october08/s50cmaf1.4900.jpg october08/s50cmaf2900.jpg
october08/s50cmaf2.8900.jpg october08/s50cmaf4900.jpg


This is coma on the A900.  At F/1.4 it looks like birds coming in for a landing, ya think?  You need an extra stop and a half to get rid of it with the A900 as opposed to an APS-C body.  F/2.8 looks OK in real images.  The crops are taken from near the edge of the image but coma can be seen over 2000 pixels in from the corners towards the center at F/1.4, 600 pixels at F/2, and about 300 pixels at F/2.8.  This lens performs nearly the same in this category as theMinolta AF 28mm F/2 reviewed here.  Don’t try and make direct comparisons to the crops above and the APS-C crops at the top of the page as they were taken at different distances and slightly different angles.


My final thoughts.
The Sony 50mm F/1.4 lens turned in an good performance overall.  It’s nice and light, compact, and very fast.  Performance wise it’s a little soft with low contrast at F/1.4-2.0 though F/2.8 is perfectly acceptable, then hits max sharpness at F/4-8.  This is a good lens to have if you really need shutter speed in poor lighting and don’t want to ramp up the ISO-or you’re out of ISO(!)  It’s also two plus stops faster than a regular zoom or prime lens.  If you don’t need a fast shutter speed, use your regular slow lens and a tripod for the best results.  On a cropped sensor camera, it’s equivalent to a lengthy 75mm, not so useful indoors or in confined areas.  For APS-C users, get the spectacular Sony 35/1.8 SAM, it’s much sharper at large apertures than the 50/1.4.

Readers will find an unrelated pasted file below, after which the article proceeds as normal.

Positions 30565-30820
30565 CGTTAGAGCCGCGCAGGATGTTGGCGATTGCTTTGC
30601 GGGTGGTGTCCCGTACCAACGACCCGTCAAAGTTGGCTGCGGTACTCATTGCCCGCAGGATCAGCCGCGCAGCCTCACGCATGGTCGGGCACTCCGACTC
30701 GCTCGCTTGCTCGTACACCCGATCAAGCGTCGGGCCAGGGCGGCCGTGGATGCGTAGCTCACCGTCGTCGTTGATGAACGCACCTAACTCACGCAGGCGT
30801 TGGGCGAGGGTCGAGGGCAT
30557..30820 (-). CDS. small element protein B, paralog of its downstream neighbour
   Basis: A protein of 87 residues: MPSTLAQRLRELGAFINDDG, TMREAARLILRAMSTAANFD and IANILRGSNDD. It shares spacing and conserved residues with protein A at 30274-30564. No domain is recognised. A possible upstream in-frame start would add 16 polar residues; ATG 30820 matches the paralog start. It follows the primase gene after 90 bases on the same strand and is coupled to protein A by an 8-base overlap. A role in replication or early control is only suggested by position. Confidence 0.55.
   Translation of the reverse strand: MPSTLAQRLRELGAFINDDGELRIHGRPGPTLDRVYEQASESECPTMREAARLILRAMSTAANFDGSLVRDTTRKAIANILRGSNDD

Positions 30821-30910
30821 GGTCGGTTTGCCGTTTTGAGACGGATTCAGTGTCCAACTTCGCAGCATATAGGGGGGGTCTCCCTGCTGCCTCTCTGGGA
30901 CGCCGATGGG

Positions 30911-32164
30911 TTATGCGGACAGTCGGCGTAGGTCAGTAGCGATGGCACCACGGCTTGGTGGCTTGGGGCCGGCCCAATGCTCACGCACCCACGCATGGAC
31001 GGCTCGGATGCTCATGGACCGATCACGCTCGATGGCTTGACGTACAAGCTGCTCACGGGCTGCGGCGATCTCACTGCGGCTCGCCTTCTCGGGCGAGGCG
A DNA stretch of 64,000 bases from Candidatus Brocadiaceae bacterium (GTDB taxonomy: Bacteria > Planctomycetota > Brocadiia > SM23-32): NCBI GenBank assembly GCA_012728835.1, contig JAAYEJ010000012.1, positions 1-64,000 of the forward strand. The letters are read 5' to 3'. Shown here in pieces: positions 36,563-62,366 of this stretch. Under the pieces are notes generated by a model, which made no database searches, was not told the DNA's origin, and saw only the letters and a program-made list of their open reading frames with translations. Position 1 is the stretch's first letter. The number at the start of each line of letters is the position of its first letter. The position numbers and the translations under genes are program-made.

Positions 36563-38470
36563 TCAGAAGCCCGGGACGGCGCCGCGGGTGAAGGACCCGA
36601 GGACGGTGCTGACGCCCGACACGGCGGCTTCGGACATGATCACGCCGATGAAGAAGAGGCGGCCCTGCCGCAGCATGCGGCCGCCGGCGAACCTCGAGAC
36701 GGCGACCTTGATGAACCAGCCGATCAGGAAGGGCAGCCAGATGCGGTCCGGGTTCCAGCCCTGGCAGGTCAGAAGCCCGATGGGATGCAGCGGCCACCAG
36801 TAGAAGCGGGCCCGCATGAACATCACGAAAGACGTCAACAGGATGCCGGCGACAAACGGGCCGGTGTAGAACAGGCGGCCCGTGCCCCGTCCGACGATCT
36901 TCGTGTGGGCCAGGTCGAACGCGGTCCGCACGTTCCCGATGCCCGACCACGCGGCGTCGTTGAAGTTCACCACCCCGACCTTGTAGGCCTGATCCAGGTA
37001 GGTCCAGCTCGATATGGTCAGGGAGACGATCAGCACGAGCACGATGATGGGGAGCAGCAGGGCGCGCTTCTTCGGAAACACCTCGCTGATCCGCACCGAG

Full frame users will want to watch the night time street scenes where coma will mess up a shot wide open.  Also, you need to stop down more to get sharp corners, but that’s no big deal in regular light.  For the best performance at large apertures, check out the sensational Sigma 50mm F/1.4 HSM.
Reality check; the Sony 50/1.4 is becoming dated, meaning it needs to be replaced with a more modern optical formula, and SSM focusing.  Both alternative lenses listed above perform much better at large apertures, and are either much less expensive, or about the same in price as the Sony 50/1.4.